Former cricketers who could sell you something nice for Christmas this year. Back in the 1940s, you could have bought some Christmas sweets from one of the fastest bowlers ever. Larwood, famous for being the executor of Douglas Jardine’s Bodyline plan, bought the Victory Sweet Shop in Blackpool, a ten-minute walk from the seafront, for £5000 in 1946. For the best part of four years, the former fast-bowling terror sold boiled sweets, toffee, and chews out of glass jars; also, cigarettes, tobacco, soft drinks and greetings cards.
“I was with my family watching the auction and it was a thrilling experience. The auction and playing the IPL itself is a different experience for me. I did not expect this massive amount and I was just hoping to be picked at my base price of 20 lakh.”
The great Lance Gibbs looks back in laughter, and a little annoyance, at a life in cricket. If he is proud of his accomplishments and adopts a lordly air sometimes (he often refers to himself in the third person), he has reason to be. Gibbs was the first spinner to take more than 300 wickets. He was the second Test bowler to do so. If he is impatient with what he sees as sloppy bowling, it is because in his 79 Test matches, he bowled 27,115 balls with very few wides or no-balls. The records also show that he took 18 Test five-fors and that he conceded runs at just 1.98 per over.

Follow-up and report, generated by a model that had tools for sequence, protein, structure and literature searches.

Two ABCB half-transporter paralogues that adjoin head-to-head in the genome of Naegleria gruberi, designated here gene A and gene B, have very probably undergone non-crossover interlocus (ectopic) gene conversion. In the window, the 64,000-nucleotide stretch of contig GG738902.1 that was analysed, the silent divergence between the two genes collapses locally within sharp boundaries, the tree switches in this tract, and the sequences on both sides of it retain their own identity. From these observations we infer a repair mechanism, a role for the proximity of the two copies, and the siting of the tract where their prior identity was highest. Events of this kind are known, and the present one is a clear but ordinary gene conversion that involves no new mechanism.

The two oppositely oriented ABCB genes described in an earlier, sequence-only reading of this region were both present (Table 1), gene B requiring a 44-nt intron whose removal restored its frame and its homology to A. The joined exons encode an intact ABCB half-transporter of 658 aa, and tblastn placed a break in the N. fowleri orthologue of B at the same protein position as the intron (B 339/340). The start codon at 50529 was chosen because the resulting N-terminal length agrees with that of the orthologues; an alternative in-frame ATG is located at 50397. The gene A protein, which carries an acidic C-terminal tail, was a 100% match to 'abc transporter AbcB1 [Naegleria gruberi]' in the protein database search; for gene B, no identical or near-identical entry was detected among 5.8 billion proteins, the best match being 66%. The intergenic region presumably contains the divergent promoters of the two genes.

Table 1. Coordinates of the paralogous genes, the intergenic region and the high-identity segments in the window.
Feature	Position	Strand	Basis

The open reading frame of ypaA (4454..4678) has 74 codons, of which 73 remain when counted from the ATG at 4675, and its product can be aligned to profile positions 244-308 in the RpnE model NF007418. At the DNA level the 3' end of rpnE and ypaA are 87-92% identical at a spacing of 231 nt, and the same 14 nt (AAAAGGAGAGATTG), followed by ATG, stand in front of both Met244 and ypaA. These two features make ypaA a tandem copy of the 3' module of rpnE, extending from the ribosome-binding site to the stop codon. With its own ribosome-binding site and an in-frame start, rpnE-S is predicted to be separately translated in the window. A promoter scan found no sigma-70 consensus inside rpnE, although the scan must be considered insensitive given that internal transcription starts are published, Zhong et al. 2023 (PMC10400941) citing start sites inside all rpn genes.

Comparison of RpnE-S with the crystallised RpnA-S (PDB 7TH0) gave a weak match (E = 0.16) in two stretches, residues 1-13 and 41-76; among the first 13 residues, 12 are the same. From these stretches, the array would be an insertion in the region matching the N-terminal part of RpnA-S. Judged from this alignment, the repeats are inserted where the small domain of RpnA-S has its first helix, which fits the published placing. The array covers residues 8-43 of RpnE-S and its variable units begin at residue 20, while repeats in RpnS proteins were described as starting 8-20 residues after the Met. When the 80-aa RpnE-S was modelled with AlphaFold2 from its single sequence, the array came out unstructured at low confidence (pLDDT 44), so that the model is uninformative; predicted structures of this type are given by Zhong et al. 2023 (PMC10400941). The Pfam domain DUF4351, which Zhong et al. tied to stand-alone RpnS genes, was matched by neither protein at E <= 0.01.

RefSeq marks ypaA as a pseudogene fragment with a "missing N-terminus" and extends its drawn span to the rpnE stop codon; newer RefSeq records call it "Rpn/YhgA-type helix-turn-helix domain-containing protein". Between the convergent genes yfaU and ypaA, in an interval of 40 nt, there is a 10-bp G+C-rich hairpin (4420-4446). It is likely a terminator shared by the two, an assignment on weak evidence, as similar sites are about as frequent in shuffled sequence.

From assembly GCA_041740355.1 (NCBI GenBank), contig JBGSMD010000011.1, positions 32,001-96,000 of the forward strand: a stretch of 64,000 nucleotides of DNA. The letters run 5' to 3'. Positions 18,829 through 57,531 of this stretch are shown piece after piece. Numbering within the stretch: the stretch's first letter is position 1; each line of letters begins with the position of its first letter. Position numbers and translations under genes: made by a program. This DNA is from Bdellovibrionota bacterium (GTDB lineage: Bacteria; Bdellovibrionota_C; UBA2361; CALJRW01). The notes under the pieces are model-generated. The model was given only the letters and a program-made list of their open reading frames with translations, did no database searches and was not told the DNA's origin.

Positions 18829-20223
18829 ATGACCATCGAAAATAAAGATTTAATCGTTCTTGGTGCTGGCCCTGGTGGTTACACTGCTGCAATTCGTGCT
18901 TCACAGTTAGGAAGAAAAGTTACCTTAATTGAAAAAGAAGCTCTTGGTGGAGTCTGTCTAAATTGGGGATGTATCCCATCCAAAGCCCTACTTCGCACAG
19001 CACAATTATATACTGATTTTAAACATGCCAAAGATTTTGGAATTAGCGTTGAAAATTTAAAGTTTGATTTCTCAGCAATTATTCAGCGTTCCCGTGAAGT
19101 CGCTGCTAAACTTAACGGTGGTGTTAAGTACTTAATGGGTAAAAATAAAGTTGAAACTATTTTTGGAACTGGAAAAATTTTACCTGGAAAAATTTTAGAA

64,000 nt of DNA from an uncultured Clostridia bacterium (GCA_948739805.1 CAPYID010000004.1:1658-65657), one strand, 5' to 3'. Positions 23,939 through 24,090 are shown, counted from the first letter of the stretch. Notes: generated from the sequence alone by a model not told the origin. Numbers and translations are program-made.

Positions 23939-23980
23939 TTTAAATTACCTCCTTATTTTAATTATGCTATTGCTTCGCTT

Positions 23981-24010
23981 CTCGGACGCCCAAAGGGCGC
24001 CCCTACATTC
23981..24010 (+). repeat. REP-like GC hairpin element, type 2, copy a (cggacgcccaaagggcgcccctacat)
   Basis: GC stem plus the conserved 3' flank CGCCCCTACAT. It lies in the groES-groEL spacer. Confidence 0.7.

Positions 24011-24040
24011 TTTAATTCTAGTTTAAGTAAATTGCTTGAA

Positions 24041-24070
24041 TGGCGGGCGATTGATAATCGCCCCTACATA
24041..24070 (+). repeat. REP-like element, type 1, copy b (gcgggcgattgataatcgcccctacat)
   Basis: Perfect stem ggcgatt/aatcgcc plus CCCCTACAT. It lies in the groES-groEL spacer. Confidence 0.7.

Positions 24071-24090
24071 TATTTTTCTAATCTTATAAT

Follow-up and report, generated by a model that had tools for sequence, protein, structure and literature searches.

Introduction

Says former Australia fast bowler and Sussex coach Jason Gillespie: “They’ve got the ball used at each end in 50-over cricket because the quality of the Kookaburra is such that they can’t get it to last 50 overs. For administrators and lawmakers to have to change the laws of the game because of the inadequacy of the ball is unacceptable.”
To assume that a passion for the sport as a spectator or club player translates into a love of the lifestyle of a professional cricketer is naive. It fundamentally misses the point. More simply, I could not base such an important personal decision on the dreams of others. Playing cricket was no longer for me, and I wanted to do something else.
Twenty years ago, Abdul Qadir, still good enough to turn out for Pakistan, spent a summer playing club cricket in Melbourne. The few who saw him remember it like it was yesterday
“Before the match, (ace offie Erapalli) Prasanna told me to watch especially Rohan Kanhai, and see how he plays spin bowling. I took those words from Pras to heart, and learnt so much by watching Kanhai bat. The way he played spin bowling with his right hand loosening in defence, and just turning the ball round the corner, looking for a single, I was entranced. I started using that kind of technique. It took me time to get a hang of it, but it changed my approach towards playing spin. It was very, very educative. Even though I was playing abroad, to see this kind of batsmanship against high-class Indian spin was an unbelievable experience, a huge bonus for a youngster.”